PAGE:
Advocates holding signs in front of the SC Statehouse


The Senate’s proposed healthcare legislation, the Better Care Reconciliation Act, contains massive cuts to the Medicaid program that would be devastating for a large portion of South Carolinians with disabilities. Per capita caps could have drastic long-term costs as people are forced to leave their homes to find care in more expensive institutional settings. If the federal government wants to decrease Medicaid spending, they need to invite the disability community to provide input on how to decrease spending while still providing necessary care and supports. We can discuss long-term solutions such as offering more incentives for states to shift funding from costly institutional services to more affordable community-based offerings.

We also have strong concerns about the changes to tax credits for those who are insured through the Marketplace. The Better Care Reconciliation Act places a higher burden on the aging population. It also decreases the value of Marketplace plans, forcing individuals to pay higher premiums or find alternate plans with higher deductibles. Insurers could opt to stop providing vital essential health benefits, including mental health care.

The US Senate should not rush to vote on such important legislation without knowing the Congressional Budget Office’s cost and coverage estimate, which should include any amendments that are added. Our Senators should make the effort to inform our communities about the impact of this bill and provide ample time to meet with their constituents to hear our concerns. This can’t happen if they proceed with a vote this week. We need everyone to ask Senators Tim Scott and Lindsey Graham for their commitment to not vote until they have the CBO cost and coverage estimate on this bill, including any amendments that may be added in the next few days, as well as the opportunity to hear from the disability community about the impact this will have on them. NOTHING ABOUT US WITHOUT US!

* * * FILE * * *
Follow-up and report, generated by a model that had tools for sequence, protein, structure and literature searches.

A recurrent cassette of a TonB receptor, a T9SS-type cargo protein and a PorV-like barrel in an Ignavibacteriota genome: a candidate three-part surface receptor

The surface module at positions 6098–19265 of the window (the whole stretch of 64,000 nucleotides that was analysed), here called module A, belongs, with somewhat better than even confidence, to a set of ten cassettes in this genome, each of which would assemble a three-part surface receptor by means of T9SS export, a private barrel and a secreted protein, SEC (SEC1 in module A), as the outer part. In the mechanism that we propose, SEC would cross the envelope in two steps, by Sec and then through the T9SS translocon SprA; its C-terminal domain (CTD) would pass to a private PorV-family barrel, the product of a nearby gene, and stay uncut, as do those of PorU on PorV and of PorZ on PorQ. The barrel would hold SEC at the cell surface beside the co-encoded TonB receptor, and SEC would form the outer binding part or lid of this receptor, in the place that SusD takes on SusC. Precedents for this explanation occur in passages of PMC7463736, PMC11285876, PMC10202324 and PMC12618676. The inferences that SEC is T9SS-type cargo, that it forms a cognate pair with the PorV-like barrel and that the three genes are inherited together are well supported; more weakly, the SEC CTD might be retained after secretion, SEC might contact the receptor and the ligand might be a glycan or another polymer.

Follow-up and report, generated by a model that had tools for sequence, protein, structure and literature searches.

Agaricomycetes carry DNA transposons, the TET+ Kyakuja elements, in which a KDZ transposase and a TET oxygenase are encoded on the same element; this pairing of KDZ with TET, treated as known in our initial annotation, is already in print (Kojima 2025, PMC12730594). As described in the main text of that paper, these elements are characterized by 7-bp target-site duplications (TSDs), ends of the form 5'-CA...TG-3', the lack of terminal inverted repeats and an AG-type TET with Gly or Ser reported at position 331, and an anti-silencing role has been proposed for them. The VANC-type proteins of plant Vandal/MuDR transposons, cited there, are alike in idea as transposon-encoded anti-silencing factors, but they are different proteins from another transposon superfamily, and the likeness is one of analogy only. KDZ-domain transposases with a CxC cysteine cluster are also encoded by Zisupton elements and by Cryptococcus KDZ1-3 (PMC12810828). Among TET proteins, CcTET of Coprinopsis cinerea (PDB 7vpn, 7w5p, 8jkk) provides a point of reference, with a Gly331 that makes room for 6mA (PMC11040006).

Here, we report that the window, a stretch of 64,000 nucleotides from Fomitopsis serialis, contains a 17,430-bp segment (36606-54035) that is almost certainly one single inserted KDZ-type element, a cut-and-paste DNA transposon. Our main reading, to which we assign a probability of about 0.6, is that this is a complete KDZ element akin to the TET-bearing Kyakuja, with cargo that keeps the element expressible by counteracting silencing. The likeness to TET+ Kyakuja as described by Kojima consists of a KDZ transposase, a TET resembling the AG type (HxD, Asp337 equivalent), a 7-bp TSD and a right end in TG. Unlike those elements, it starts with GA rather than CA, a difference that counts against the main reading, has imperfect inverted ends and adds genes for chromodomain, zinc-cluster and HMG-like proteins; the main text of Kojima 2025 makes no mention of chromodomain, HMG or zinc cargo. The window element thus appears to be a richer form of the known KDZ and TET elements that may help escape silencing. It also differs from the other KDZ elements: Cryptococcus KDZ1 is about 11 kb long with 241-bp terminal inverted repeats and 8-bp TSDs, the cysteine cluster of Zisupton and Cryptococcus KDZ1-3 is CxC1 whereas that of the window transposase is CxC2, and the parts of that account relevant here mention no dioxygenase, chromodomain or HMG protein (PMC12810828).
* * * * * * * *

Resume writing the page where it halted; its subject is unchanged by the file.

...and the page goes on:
Advocacy at Able South Carolina

We’re at the forefront of activism and leadership on any and all issues affecting people with disabilities—issues like accessibility, public accommodations and transportation. These are critical in achieving full inclusion in community life.

We work with local, state and national leaders to bring about change and create
opportunities. We also assist individuals with advocacy by providing consumers with the necessary community support. Able SC is also involved in activities to make changes in the community so that people with disabilities can live independently.

Additionally, Able SC  promotes self-determination through efforts such as employment, housing, education,  services and daily living. Moving individuals to own their destiny means giving them the knowledge and skills for self-advocacy—to get all the support services they need from their community, their schools and their providers.